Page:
Global Speech and Global Terrorism: A Tall Tale of Two Cities
University of Leeds - Centre for Criminal Justice Studies (CCJS)
April 2, 2012
Northern Ireland Legal Quartlerly, vol.63, pp.119-136
Part 1 will consider why many of the key libel cases at the heart of libel tourism have arisen from terrorism-related speech. It will be necessary to reflect upon why late modernity engenders speech about terrorism across borders. Part 2 tackles the recent practice of libel tourism itself, as related to the paradigm case of allegations about involvement in terrorism. It explains the relevant English libel law litigation, based in London, and the U.S. reactions to it, initially hatched in New York. Part 3 suggests why this apparently contrasting tale of two cities might be a “tall tale”. The paper does not deny the different approaches and outcomes in libel laws in the respective jurisdictions. Rather, its point is to set those differences in the wider context of the legal treatment of speech about terrorism. If one considers public law rights to speech about the state as well as private law rights to speech about persons, a more balanced picture emerges. In that light, U.S. reactions to speech about terrorism and the restrictions imposed are in some ways more threatening than those on the other side of the Atlantic.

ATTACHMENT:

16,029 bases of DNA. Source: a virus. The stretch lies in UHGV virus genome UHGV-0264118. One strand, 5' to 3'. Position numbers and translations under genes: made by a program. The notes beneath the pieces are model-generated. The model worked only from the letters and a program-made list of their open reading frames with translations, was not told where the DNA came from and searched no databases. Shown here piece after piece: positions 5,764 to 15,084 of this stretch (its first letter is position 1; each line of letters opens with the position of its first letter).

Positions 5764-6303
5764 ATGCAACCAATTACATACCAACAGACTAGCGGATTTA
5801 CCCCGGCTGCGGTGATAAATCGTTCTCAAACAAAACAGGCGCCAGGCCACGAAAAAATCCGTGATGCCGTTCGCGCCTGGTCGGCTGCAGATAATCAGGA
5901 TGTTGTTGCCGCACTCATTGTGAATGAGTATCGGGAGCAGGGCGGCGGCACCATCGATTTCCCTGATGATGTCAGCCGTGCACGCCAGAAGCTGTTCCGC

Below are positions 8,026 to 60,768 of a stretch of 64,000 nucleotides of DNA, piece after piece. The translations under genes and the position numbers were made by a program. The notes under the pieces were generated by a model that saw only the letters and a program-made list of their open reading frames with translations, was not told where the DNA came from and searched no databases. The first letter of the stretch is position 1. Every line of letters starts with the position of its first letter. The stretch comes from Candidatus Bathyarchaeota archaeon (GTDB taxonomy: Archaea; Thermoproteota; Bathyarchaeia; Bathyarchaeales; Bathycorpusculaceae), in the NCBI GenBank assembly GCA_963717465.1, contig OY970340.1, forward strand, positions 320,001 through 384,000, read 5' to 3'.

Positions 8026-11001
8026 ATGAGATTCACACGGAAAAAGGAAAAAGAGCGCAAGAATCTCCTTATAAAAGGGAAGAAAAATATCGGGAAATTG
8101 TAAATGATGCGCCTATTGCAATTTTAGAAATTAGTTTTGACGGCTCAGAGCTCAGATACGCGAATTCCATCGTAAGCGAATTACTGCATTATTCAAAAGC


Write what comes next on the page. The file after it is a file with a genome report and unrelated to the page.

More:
Number of Pages in PDF File: 18
Keywords: Terrorism, libel, free expresion, freedom of information
JEL Classification: K19, K42, N40
Date posted: April 23, 2012
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